Hollow Knight was developed in South Australia in 2017 with the help of a crowdfunding campaign raising AU$ 57,000, the action-adventure 2D game has, to date, sold around three million copies.
A sequel is in the mix for the video game about a little bug on a quest to uncover the secrets of a long-abandoned insect kingdom.
As reported, the video game’s success is part of the spectacular growth of Australia’s video game development industry in recent years.
The industry is worth approximately AU$ 143 million a year and employing 1275 people.
The Interactive Games & Entertainment Association (IGEA) says the gaming industry in Australia has grown by 21% in the past 12 months, with 61% of studios expecting to employ new staff in the coming year.
About the initiative
The University of South Australia is collaborating with an Adelaide company in order to offer the state’s first course in front-end games design and development.
The course is offered as a major in the University’s Bachelor of Creative Industries (BCI) degree and is focused on the design and art aspects of gaming.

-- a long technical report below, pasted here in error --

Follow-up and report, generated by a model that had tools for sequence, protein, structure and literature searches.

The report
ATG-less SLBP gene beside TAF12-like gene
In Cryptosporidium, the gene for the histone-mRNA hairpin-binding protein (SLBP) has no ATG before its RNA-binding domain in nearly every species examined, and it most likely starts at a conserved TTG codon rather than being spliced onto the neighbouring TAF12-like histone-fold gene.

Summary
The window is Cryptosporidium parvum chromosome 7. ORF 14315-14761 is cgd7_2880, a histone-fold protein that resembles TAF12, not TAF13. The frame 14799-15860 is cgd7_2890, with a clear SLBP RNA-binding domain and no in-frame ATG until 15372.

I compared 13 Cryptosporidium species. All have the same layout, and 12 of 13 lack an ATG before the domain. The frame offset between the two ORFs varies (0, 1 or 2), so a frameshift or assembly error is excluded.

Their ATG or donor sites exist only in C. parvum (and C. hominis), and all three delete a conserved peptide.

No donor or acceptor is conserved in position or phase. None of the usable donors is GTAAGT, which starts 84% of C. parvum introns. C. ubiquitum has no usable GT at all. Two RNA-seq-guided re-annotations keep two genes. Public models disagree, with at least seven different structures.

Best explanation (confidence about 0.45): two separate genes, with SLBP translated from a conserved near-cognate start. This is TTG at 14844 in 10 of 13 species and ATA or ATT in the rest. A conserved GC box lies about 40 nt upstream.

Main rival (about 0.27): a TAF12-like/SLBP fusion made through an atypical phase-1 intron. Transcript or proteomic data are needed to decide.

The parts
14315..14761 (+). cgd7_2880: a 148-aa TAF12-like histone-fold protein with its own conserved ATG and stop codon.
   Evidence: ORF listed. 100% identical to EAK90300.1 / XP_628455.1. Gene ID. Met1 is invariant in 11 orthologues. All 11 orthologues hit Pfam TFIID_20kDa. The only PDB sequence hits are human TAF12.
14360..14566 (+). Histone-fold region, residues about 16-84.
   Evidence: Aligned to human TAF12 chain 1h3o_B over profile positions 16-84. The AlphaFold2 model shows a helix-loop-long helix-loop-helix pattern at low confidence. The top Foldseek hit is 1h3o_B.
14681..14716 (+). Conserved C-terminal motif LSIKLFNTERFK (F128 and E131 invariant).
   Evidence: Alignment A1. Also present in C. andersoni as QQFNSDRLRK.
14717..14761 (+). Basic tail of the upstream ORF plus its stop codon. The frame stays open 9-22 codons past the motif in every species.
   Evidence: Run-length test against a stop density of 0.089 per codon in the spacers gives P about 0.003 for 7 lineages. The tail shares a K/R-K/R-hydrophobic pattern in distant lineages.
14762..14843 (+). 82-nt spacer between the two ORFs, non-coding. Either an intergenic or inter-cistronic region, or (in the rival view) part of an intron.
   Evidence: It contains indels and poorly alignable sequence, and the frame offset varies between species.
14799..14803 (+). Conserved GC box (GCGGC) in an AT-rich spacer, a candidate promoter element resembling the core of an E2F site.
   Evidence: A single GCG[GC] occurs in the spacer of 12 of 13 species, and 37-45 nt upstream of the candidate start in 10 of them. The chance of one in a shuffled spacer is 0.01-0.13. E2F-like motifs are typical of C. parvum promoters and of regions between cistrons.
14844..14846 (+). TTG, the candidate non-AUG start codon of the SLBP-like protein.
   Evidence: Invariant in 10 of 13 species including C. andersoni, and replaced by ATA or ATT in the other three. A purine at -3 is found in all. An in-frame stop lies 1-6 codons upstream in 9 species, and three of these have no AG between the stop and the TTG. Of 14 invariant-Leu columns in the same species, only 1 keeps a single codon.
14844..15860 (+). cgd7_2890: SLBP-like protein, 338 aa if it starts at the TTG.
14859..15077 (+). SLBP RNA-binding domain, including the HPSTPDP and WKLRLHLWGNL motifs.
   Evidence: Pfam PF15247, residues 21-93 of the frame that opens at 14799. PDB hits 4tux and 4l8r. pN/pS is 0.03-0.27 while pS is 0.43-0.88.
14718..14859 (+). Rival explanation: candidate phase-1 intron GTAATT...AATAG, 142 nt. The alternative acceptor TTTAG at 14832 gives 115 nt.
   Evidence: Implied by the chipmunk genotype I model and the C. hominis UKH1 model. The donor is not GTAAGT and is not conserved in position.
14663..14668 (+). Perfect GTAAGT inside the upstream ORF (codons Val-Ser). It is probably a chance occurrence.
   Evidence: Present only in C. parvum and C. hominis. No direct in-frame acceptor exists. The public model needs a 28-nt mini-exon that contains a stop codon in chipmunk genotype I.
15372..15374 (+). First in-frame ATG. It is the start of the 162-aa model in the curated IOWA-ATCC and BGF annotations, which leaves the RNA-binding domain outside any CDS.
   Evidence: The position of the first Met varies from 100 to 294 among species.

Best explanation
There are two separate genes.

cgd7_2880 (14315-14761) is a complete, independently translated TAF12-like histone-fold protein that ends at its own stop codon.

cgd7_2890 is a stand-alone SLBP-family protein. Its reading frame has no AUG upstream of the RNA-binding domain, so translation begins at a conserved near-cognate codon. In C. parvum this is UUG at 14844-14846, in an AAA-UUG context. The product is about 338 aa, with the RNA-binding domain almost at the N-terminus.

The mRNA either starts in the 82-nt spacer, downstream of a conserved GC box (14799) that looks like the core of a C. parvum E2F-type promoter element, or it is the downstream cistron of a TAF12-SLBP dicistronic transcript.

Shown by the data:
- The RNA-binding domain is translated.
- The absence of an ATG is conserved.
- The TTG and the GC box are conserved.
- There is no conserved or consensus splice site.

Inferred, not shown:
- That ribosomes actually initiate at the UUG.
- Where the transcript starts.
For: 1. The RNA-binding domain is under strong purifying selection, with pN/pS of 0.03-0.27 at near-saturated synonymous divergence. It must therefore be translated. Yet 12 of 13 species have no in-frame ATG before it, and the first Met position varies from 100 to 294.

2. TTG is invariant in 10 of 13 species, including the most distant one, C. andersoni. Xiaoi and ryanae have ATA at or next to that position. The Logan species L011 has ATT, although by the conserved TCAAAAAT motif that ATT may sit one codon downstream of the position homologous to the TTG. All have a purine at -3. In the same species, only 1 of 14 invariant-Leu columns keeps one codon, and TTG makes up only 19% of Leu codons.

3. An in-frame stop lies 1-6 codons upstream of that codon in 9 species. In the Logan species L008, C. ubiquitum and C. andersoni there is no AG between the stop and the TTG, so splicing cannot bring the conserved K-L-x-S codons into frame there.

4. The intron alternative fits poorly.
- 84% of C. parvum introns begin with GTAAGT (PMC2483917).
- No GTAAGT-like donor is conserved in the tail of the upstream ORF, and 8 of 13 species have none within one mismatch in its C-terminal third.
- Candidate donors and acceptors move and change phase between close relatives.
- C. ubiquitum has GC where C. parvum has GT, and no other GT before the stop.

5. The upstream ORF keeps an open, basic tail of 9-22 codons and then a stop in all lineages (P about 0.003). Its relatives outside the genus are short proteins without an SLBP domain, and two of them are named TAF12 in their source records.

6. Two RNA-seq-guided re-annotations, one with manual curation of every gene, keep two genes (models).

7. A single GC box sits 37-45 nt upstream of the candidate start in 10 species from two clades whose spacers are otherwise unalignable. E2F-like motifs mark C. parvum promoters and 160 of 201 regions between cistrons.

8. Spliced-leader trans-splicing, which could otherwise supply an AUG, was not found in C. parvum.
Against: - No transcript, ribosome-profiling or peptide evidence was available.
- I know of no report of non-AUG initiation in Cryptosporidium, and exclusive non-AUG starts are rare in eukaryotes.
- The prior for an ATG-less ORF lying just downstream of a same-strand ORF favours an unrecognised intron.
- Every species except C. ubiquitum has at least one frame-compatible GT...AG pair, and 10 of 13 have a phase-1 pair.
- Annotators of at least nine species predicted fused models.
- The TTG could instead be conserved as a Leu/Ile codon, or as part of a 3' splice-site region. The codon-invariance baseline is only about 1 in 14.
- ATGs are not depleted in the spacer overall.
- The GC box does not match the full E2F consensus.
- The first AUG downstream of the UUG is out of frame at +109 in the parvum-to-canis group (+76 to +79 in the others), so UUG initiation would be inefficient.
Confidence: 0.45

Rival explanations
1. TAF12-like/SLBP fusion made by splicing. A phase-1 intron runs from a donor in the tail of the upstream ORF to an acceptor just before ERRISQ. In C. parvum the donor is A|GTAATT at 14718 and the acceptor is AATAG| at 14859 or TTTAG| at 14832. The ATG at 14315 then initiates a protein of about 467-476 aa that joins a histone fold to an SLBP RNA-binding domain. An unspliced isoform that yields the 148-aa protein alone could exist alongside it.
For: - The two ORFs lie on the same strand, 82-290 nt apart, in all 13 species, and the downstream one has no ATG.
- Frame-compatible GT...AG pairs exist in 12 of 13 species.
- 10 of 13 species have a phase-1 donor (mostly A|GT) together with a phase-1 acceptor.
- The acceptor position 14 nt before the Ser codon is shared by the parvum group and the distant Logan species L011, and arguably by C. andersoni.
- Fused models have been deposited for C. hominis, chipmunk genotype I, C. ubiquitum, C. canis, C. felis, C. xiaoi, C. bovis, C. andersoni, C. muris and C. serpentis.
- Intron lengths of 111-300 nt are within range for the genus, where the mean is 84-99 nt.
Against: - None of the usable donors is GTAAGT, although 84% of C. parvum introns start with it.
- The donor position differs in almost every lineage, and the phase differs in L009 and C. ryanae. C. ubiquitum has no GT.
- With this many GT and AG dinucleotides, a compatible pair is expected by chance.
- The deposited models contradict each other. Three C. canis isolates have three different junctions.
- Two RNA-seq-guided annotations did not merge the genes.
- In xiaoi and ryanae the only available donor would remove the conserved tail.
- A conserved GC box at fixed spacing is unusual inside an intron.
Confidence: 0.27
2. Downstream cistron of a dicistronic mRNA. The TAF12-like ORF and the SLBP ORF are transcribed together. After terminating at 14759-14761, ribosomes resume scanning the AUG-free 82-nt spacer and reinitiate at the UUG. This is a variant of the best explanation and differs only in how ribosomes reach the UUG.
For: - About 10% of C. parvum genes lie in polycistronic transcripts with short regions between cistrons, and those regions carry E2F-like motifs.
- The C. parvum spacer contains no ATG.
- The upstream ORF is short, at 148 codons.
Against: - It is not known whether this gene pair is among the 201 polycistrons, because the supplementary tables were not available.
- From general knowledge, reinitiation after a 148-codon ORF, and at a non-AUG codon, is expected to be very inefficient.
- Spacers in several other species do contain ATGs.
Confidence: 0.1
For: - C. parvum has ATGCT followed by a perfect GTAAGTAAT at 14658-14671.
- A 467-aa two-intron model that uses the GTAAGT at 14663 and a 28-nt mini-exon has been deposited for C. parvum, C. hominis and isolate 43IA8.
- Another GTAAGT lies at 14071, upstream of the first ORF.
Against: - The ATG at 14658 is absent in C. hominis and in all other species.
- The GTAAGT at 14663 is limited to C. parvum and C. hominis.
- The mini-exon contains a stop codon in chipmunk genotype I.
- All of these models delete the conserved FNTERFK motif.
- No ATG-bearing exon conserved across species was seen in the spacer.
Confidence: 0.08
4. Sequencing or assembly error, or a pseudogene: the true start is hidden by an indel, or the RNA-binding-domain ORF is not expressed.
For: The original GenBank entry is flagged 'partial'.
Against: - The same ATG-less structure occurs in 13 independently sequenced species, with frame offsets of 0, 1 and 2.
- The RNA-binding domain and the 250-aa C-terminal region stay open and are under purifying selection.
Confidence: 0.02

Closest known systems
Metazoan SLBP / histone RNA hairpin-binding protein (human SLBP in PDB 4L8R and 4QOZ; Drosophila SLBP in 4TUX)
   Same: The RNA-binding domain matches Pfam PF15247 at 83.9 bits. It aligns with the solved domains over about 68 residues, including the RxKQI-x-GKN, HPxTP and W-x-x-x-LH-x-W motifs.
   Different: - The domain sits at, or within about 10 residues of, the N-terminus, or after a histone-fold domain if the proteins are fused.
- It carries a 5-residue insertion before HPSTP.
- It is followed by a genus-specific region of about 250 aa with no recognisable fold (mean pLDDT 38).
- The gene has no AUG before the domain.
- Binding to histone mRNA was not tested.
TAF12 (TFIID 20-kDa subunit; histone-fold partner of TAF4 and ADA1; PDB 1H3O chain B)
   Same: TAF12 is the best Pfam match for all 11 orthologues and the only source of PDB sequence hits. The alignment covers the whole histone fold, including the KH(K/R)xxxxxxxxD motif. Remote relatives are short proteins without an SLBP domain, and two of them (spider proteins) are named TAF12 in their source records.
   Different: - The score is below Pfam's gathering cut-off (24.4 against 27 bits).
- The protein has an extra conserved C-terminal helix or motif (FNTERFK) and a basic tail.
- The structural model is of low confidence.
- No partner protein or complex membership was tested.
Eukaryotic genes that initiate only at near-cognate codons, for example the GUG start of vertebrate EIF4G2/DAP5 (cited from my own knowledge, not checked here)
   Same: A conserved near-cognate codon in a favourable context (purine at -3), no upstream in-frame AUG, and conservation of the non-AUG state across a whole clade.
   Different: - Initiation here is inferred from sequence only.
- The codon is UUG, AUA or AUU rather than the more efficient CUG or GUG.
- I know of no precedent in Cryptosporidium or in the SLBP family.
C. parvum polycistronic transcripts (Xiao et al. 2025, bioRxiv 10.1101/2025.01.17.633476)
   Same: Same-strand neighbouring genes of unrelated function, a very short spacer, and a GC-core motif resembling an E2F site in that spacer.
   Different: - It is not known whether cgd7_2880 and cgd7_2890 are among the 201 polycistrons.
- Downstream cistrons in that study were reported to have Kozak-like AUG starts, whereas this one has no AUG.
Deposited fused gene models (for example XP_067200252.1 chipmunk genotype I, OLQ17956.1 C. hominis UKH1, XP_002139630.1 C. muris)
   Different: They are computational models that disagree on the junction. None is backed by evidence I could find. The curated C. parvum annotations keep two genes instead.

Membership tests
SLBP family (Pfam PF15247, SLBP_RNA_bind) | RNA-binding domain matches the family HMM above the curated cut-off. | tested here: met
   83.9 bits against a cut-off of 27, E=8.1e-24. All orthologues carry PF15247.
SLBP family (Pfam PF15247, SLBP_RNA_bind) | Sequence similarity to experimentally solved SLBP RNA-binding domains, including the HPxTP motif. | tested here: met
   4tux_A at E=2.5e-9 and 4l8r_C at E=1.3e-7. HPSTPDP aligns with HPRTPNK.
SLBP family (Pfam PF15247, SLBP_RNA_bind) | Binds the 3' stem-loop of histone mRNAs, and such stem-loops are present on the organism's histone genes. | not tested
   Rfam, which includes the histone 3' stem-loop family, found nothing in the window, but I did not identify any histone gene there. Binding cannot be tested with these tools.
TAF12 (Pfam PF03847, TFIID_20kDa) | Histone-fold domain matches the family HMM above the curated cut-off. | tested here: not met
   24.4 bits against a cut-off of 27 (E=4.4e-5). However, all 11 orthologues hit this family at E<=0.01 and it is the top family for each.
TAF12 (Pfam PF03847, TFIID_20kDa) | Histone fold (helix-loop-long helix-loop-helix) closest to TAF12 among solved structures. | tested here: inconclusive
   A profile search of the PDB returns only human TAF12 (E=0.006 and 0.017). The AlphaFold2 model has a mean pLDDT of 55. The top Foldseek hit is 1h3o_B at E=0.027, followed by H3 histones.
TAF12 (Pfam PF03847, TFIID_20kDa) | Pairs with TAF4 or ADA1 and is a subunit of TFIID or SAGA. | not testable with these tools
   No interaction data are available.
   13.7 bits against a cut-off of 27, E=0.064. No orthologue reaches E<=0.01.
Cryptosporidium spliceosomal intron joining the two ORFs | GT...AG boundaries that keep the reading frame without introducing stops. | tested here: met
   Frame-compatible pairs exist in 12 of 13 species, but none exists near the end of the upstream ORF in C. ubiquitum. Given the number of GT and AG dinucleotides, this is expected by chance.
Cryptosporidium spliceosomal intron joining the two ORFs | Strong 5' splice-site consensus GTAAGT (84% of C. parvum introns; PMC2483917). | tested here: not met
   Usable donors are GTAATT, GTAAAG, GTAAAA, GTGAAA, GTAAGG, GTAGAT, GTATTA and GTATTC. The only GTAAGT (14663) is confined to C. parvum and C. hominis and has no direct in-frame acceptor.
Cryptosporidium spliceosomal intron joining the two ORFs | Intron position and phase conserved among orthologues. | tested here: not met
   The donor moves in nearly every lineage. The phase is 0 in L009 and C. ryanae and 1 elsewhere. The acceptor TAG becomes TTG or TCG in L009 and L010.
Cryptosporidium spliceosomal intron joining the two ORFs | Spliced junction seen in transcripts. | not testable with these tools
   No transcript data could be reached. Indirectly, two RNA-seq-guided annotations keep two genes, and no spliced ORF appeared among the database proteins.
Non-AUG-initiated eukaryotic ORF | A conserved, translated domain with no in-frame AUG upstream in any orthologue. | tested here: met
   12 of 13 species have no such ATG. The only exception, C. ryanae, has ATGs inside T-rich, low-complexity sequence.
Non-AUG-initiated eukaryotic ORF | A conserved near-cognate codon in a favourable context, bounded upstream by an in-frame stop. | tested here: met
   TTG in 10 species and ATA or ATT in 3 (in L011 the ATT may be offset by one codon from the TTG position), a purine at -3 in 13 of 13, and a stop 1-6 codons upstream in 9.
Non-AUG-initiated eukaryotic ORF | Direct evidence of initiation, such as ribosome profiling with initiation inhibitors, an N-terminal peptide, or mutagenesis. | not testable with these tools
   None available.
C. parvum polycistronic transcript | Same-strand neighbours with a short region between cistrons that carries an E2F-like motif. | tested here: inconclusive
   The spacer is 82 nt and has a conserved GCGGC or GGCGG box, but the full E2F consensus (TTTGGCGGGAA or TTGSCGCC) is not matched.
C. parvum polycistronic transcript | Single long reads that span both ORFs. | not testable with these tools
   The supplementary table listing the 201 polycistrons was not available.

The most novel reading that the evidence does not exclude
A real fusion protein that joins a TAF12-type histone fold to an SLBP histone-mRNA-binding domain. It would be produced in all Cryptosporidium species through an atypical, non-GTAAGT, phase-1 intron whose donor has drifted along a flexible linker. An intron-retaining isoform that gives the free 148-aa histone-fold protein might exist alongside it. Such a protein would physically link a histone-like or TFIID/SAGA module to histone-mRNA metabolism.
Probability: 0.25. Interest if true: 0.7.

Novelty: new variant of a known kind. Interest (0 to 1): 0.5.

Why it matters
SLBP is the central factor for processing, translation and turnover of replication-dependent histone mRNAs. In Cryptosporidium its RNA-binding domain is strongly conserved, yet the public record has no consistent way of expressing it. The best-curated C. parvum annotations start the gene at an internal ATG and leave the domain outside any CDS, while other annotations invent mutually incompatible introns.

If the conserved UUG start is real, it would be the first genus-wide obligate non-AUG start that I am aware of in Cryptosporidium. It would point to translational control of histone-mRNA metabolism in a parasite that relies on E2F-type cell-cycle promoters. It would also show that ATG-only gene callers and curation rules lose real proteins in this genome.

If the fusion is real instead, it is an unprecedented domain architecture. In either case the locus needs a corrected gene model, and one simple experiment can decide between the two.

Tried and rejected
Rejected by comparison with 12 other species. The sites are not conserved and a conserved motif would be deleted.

This includes developing computer-generated imagery, writing narratives, developing characters and producing and managing games production.
The course will give South Australians a huge head start in an industry that has grown more than 300% in the past five years at the local level.
More courses like this are needed so that Australian game developers will remain globally relevant.
This is an opportunity for South Australia to take a leadership position in the industry, increasing its 9% share nationally by preparing students to hit the ground running from day one.
Game design draws from a vast array of human experience so it is not just for school leavers. It appeals to people from a diverse range of backgrounds and ages.
The course will prepare graduates for a range of opportunities, given that video gaming is an intersection of technology and art.
Cutting-edge technology is used to deliver entertainment to a diverse, global audience. The skills developed in this industry overlap with many others, including visual effects, defence and virtual reality.
This course is for people who have a strong creative bent, understand data, enjoy collaborating with others and want to take the step from being a consumer to a creator.
It will open doors to an incredibly dynamic career built on the fundamentals of design, creativity, collaboration and fun.
If students prefer the full gaming experience, they can pair this course with a Games major offered within the University’s Information Bachelor of IT, which is focused on the programming and software development side.
As such, this will give them both front-end and back-end skills in game design and development.
Prospective students have up until 28 February to apply for the BCI to commence in early March 2020, which has already attracted 125 first preferences and 305 overall preferences, exceeding all expectations.